Today, Goodyear manufactures the tires for the Presidential limousine. Little is known beyond that fact, however, as the details and security measures used in those tires are classified. They also made the nitrogen-filled tires for the Apollo 14 Lunar Rover, which means there are Goodyear tire tread marks on the moon!

The Springfield Tire Fire

Since they are made from rubber, tires are notorious for burning hot and burning for a long time. Among the most famous tire fires in history is the Springfield Tire Fire, which legends claim has been burning for more than 25 years. In fact, at least one landmark in Springfield reads that the fire is so potent that the resulting fumes can be smelled by people in 46 different states across the country.

Of course, I’m referring to the town of Springfield from The Simpsons, not an actual fire in an actual town in the US. The Springfield Tire Fire has been featured in the opening sequence of The Simpsons for decades, and is one of the first things viewers can see while watching the show, after the title fades and the camera moves down out of the clouds. According to the lore of the show, and flashbacks shown in certain episodes, the tire fire was created by Krusty the Clown, who made the pile of unused tires after his attempted line of town cars failed, and then carelessly set it ablaze when he discarded a cigar onto the rubbery pile.

An episode in 1991 claimed the Springfield Tire Fire was celebrating its 25th year, which would mean it was started in 1966. Another episode from years later, however, claims it started in 1989, which is the year The Simpsons first aired. While I’m not too worried about timelines and Simpsons chronology, the point remains that the Springfield Tire Fire is a blazing landmark and point of dubious pride among many of the town’s residents.

A pile of cheap tires is burning in the Springfield Tire Fire from the show 'The Simpsons'.

The Legendary Nordstrom Tire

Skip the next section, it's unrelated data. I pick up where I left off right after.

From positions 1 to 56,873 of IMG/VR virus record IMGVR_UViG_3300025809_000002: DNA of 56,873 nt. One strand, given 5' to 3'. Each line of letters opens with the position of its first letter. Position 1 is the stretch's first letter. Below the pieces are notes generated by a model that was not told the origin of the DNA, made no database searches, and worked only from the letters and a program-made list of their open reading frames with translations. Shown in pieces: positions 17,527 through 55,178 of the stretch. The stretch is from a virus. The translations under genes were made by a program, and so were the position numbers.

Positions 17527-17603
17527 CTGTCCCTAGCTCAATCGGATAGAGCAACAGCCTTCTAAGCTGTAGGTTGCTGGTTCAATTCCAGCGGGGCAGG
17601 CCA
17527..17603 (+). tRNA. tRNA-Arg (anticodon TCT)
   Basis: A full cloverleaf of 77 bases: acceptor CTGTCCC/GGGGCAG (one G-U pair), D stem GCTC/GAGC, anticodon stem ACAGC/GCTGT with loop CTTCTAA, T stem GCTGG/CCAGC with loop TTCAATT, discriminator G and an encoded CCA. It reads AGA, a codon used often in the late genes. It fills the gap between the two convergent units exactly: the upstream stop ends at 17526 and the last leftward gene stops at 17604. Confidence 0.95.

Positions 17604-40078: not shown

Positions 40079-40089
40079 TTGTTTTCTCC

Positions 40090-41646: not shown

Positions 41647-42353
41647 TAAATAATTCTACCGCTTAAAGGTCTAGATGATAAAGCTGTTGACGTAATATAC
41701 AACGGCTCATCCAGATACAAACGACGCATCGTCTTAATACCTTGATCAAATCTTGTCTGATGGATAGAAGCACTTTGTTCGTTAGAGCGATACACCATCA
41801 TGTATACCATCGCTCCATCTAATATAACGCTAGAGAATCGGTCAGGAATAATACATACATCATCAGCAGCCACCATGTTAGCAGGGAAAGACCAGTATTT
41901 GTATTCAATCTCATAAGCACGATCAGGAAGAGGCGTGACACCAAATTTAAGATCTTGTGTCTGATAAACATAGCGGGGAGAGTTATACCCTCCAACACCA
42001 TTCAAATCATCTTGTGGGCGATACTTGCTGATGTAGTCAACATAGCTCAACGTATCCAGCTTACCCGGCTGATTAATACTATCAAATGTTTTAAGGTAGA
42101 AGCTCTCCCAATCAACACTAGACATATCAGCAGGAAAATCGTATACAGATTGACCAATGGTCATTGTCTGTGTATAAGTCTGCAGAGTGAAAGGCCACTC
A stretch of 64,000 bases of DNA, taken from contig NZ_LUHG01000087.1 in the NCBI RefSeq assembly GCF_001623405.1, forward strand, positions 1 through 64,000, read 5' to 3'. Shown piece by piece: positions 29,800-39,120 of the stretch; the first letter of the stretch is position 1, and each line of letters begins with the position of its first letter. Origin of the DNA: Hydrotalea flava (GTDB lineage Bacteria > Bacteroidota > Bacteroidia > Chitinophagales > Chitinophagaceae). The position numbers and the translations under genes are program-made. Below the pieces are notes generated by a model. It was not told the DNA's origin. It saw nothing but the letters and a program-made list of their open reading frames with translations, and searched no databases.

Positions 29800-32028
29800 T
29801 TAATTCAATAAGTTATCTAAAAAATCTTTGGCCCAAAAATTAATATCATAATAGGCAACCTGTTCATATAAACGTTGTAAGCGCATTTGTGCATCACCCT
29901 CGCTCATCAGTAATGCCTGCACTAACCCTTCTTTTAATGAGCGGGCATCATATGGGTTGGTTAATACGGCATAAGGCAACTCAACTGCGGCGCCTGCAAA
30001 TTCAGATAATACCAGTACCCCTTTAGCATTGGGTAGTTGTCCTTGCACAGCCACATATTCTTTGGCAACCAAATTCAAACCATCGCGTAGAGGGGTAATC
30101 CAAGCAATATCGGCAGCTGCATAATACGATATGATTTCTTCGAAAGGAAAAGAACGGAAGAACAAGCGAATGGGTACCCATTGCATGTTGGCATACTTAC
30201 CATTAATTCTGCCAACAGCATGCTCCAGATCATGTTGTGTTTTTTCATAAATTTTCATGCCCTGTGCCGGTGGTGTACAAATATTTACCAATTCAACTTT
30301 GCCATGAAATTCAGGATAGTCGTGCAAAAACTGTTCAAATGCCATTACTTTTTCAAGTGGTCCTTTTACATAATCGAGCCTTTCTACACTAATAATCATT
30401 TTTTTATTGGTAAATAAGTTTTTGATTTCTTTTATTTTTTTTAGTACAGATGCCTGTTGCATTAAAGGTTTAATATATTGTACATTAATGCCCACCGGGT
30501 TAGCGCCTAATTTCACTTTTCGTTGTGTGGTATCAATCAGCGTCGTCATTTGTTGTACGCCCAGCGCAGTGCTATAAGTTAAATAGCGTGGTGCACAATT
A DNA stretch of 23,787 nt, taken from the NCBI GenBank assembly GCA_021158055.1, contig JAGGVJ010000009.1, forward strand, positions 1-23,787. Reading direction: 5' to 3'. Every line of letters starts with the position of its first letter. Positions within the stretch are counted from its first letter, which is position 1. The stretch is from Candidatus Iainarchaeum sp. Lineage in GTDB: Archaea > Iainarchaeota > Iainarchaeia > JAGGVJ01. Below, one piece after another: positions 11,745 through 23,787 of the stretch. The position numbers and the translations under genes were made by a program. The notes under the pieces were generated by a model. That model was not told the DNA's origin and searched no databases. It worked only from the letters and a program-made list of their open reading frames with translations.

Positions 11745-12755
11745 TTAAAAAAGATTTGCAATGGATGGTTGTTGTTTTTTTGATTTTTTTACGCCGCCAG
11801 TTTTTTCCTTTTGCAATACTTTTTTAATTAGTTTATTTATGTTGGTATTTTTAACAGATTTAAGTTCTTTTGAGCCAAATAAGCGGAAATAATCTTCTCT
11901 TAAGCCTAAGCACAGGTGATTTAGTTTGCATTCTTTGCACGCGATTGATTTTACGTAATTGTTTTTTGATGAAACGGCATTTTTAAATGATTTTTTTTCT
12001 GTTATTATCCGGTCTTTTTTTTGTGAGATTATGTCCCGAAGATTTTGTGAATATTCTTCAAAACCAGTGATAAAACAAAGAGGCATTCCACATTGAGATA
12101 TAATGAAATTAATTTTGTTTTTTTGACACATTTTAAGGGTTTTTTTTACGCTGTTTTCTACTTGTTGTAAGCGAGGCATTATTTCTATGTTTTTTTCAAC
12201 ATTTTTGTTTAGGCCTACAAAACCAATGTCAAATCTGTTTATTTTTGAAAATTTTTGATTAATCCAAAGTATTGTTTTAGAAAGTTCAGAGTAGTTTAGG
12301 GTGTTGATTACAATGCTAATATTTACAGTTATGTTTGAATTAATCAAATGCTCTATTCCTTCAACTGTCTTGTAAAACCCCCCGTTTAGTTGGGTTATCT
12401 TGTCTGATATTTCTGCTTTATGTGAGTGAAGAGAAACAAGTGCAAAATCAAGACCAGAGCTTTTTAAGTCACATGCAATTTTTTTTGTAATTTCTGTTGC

One of the most famous tires (or pairs of tires depending on the version of the story) in modern culture is the tire that features in an apocryphal tale of Nordstrom customer service. Nordstrom is one of the largest and most successful department stores in the US, with hundreds of locations across the country. Much of their success has often been credited to the fact that they have famously customer-focused policies including sending customers Thank You cards for their visits and very generous return policies.

One of the most famous stories in American business is that of a customer who returned a tire to a Nordstrom department store. The tale goes that the tire was returned by a customer in Alaska; he brought the tire in, said he was unhappy with it, and wanted a refund. The sales clerk who helped him looked at the tire, asked the man if he remembered how much he paid for it, and provided the man with a full refund without hesitation. The final detail of the story, however, is the fact that Nordstrom has never sold tires.

The idea, of course, is that the clerk cared more about making sure the customer was completely satisfied than whether the tire had actually been purchased there. While Nordstrom has made efforts in recent years to claim the story is true, most sources indicate it is a piece of apocrypha – a story that illustrates a point about excellent customer service, but is not really true. No one can say, definitively, whether it happened or not; but that tire remains a shining image burned into the minds of many successful business people, symbolic of the importance of putting the needs of the customer first.